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Did Chelsea's comfortable 3-1 victory over Burnley provide a window into what to expect for the Nigeria international this season?

FEATURE
By James Ezimoha

Chelsea got their Premier League campaign off to a flying start with a comfortable 3-1 away win over newly-promoted side Burnley on Monday. 

In terms of personnel and performance, it was a new-look Chelsea, one that Jose Mourinho likes very much.

The Portuguese handed debuts to new recruits, Diego Costa and Cesc Fabregas, and both proved to be key figures as Burnley were taken apart.

However, with the team packed with so much power and flair, where exactly does John Obi Mikel fit in the revolutionised Stamford Bridge outfit? As Mourinho seeks perfection, does he have a place for the Nigerian, even if he is one of his long-serving lieutenants?

Mikel was a substitute against Burnley, entering the fray in the second half with the match already won. This is hardly a status befitting the Super Eagles’ key man.

To make my point crystal clear, here’s a tweet by Goal’s Chief Editor Lolade Adewuyi after the game: “Mikel begins his #CFC season as a (82nd minute) substitute. Nigeria’s most high profile player ought to set a better example. Na like this we go dey dey?”

It would have taken quite some guts to bet against Mourinho starting with Nemanja Matic and Fabregas just in front of the back-four—a combination he is likely to stick with for most of the campaign, including the Champions League, you’d think.

Now, that’s in the starting XI and the midfield set, leaving no place for Mikel.


Mikel | How can the Nigerian find a place in the midfield?

It would also be wayward to believe that the Nigerian would get the nod over Ramires (who was suspended for the game) for a position in the double pivot in midfield in the event of injuries or suspensions.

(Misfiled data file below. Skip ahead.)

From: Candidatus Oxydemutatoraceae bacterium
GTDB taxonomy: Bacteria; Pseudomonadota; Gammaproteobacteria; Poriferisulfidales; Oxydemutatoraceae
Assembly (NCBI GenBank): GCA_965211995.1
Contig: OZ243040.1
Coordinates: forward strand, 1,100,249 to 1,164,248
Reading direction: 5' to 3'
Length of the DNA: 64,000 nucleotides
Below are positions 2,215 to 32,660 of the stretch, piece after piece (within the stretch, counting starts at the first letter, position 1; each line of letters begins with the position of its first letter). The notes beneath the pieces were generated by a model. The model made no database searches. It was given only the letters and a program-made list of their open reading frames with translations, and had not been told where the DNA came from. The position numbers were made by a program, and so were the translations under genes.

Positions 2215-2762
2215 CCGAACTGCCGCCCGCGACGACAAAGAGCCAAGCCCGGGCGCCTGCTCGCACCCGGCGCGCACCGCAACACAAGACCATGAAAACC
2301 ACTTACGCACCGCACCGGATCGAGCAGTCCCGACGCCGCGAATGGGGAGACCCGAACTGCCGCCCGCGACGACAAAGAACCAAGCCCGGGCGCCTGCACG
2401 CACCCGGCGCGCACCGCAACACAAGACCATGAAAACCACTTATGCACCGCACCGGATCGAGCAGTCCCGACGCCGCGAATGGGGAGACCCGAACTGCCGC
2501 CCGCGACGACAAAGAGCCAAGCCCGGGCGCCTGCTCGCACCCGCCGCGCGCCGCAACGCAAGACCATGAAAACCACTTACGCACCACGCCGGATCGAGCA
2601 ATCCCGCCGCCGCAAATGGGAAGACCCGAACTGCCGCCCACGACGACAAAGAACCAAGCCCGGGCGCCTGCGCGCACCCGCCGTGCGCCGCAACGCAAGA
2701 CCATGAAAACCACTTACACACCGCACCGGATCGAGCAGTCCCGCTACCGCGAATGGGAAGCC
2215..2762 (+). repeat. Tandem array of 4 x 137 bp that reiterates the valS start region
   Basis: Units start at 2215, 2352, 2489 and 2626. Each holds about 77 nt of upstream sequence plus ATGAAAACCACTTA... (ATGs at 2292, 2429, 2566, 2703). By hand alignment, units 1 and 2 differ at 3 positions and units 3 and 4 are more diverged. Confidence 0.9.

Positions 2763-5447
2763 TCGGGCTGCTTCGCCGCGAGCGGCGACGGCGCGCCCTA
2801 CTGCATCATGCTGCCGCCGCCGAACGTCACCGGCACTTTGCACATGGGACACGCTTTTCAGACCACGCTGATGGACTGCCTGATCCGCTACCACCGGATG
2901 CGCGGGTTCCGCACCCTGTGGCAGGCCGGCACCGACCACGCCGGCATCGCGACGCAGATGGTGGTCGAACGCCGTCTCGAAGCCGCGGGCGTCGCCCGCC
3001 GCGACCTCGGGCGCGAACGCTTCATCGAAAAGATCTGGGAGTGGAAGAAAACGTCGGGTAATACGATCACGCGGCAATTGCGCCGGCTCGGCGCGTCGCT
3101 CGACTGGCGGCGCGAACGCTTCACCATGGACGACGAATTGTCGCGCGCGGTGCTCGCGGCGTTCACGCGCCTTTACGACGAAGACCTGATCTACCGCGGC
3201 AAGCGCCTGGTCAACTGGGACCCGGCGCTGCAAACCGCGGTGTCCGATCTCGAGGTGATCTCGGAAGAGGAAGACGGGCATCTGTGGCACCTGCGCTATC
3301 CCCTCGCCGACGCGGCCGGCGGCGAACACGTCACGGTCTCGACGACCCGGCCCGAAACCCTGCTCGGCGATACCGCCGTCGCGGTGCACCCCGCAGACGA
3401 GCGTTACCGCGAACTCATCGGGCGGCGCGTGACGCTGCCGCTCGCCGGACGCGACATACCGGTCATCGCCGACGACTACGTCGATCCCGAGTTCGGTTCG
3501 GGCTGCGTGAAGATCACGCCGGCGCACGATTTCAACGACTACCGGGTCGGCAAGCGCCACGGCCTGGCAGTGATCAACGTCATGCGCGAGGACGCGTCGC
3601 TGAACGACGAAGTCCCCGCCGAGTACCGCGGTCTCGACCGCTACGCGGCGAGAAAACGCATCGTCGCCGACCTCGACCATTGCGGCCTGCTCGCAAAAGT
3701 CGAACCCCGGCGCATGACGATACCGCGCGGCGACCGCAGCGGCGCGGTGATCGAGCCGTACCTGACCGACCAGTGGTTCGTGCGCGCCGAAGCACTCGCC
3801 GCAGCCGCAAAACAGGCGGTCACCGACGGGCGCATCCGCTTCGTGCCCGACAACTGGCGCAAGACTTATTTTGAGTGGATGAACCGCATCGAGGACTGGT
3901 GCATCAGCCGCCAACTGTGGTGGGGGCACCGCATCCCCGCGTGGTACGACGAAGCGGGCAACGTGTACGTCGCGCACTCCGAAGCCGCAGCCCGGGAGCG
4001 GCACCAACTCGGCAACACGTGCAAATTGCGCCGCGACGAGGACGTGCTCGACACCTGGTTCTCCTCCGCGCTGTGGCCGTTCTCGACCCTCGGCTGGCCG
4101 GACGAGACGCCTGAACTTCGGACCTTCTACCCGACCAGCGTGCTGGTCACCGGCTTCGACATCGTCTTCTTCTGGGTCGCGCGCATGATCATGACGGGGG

Now, that’s on the bench; still no chance.

So what exactly is the Nigeria’s most high profile player doing at the London-based club?

The frustration for most is that he continues to carry the torch as the Super Eagles’ most flamboyant player, wile he continues to represent Nigeria under the illusion that he is still the player he used to be five or six years ago.

The most sensible thing to do, one would think, is to do a ‘Mourinho’ on him in the national team, and seek someone else for the centre of midfield. Maybe that would serve as the much-needed wake-up call.

But then again, have the national team handlers got the grace to pull such a drastic move?

That’s a story for another day.

Though the English Premier league is underway, the transfer window is still very much active. There have been several viewpoints regarding Mikel’s insistence to remain at the Bridge, some of which make for a good laugh.

However, whatever the case might be, it seems the seasonal and platitudinous I-want-to-fight-for-a-place-in-the-team song has lost its meaning. There’s no battle. There’s no war. There are just too many other better players at the same time.

Mikel, at 27, is not getting any younger, and as far as the national team is concerned, there is a sense he could be walking the last mile in his Nigeria career. Few batted an eyelid when he was parachuted into the Super Eagles setup in 2006; so high were expectations of him.

He is now at an age where players, especially midfielders, are expected to peak. In a way, one can say he already has. His performances in 2013 were heart-warming in their consistency, and brought unprecedented success to the Super Eagles. However, is that the best Nigeria’s brightest midfield talent of the last decade can produce? One year of peak performance? A brief flicker in a prevailing wind? *Mikel's stats for 2013/14

He soldiers on at Cobham, in a capacity that remains unclear.

Mourinho’s methods are well-known; he will not suffer fools. If Mikel remains, one must feel that there is some usefulness to him in the eyes of the manager. His eight-minute cameo role against Burnley offers perhaps the best indication of what he can look forward to.

However, Chelsea will not always have the luxury of wrapping up a game at half time, especially when you consider that the Premier League provides sterner tests. The Blues went through the motions after the break, slowing the game down to a manageable pace; one in which Mikel is well versed. Even then he only got eight measly minutes.

The implications for Mikel are grave: a further reduced playing schedule and copious amounts of time on the upholstery.

In his prime years, Nigeria’s No.10 can look forward to the playing schedule of a weary veteran in the twilight of his career.


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